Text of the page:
The latest merger is also a move for airlines to find ways to survive through the same formula for recovery.

American entered Chapter 11 bankruptcy protection proceedings in autumn 2011 following delays in cost-cutting efforts and other factors. The airline still faces many challenges, as it has been unable to single-handedly put itself back on the corporate reconstruction track.

On the other hand, US Airways, which first entered Chapter 11 bankruptcy in 2002 and again in 2004, is smaller than American in terms of passenger traffic, but has recently been performing relatively steadily.

The carrier is apparently aiming to shed its excessive dependence on domestic flight services and hoped to mutually complement each other with the merger with American, which has a solid network of international flights.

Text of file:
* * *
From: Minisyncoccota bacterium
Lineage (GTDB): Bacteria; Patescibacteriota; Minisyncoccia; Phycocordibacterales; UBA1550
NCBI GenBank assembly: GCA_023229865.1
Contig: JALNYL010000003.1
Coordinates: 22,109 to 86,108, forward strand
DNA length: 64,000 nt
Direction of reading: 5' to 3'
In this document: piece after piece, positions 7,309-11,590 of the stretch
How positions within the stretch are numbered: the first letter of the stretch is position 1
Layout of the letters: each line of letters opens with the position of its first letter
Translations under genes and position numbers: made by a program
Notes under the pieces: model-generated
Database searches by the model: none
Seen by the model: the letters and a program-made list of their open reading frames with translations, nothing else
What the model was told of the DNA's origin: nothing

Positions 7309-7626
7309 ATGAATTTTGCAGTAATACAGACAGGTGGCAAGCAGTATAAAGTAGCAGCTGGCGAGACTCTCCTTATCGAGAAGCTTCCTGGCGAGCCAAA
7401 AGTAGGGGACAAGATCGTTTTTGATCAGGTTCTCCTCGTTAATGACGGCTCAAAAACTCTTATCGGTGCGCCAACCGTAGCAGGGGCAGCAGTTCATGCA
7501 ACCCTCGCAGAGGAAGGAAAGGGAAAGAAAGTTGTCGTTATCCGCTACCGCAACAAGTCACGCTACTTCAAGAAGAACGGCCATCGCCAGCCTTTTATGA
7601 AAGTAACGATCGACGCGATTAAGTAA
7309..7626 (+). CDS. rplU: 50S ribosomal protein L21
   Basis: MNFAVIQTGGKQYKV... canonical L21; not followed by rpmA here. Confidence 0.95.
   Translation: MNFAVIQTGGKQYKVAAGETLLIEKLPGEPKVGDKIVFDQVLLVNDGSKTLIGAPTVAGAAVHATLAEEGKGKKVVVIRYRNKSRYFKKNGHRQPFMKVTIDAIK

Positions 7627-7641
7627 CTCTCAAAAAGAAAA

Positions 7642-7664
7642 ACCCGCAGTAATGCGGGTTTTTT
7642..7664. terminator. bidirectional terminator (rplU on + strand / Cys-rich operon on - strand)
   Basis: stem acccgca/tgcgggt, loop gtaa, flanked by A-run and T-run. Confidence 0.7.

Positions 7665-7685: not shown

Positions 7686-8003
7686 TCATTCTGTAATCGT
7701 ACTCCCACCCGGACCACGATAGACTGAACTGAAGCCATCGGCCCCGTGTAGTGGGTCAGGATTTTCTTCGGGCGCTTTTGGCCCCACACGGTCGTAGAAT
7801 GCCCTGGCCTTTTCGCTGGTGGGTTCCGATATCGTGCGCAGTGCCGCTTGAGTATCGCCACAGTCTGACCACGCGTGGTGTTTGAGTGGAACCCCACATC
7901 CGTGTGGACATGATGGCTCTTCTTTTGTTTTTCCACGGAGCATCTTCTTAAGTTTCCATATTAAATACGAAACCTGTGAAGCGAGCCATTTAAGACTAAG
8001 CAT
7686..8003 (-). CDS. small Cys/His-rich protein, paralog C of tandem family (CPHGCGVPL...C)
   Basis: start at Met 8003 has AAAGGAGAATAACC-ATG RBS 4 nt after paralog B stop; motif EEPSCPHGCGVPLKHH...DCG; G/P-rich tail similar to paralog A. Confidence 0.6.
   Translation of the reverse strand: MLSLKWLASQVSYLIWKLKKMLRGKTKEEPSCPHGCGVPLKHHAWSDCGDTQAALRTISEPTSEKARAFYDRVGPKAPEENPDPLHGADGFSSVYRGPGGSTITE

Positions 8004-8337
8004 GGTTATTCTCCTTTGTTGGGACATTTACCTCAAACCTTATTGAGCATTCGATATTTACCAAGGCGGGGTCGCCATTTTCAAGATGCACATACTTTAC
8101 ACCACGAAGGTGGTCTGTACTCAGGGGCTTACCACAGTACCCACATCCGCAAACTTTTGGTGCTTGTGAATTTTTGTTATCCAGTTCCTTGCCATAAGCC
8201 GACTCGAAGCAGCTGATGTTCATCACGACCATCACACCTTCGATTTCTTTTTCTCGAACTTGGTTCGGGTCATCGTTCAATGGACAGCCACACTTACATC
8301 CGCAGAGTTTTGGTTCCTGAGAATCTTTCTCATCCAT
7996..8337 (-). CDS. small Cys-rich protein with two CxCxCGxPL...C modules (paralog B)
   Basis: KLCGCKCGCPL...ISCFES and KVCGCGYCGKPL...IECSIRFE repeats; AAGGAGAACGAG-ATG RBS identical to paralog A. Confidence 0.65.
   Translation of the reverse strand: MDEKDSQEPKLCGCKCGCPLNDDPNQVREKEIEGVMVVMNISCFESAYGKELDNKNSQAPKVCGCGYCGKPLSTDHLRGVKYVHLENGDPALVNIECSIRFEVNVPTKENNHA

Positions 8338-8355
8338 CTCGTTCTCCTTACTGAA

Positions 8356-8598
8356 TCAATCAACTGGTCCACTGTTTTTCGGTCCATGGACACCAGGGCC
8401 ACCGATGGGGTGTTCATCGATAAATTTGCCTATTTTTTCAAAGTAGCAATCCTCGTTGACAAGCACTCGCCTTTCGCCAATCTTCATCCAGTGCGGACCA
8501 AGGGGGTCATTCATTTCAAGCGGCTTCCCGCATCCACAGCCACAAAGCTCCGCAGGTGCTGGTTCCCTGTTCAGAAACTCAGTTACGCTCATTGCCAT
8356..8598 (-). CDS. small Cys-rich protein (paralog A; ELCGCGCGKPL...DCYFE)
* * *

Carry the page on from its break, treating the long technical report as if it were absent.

The focal point in the months ahead will be how quickly the two airlines can demonstrate the cost-reducing effect of the merger.

The new company plans to capture fast-growing markets, including those in Asia. It is certain that global competition in the airline industry will intensify further, with the three major U.S. carriers taking a pivotal role.

Currently, there are three global airline alliance networks that allow partner carriers to have codeshare flights and share mileage reward systems.


ANA, JAL must act quickly

The American-US Airways merger, in which both carriers belong to different alliances, may trigger a global realignment that goes beyond existing alliance networks.

The two major Japanese airlines--All Nippon Airways and Japan Airlines, both of which run relatively small-scale operations--must raise their sense of urgency. We hope the two carriers will enhance their competitiveness by making further cost-cutting efforts and improving their services.

Yet the Boeing 787, which both consider their leading, next-generation aircraft, has been forced to suspend operations due to mechanical troubles. This negative effect is a matter of concern.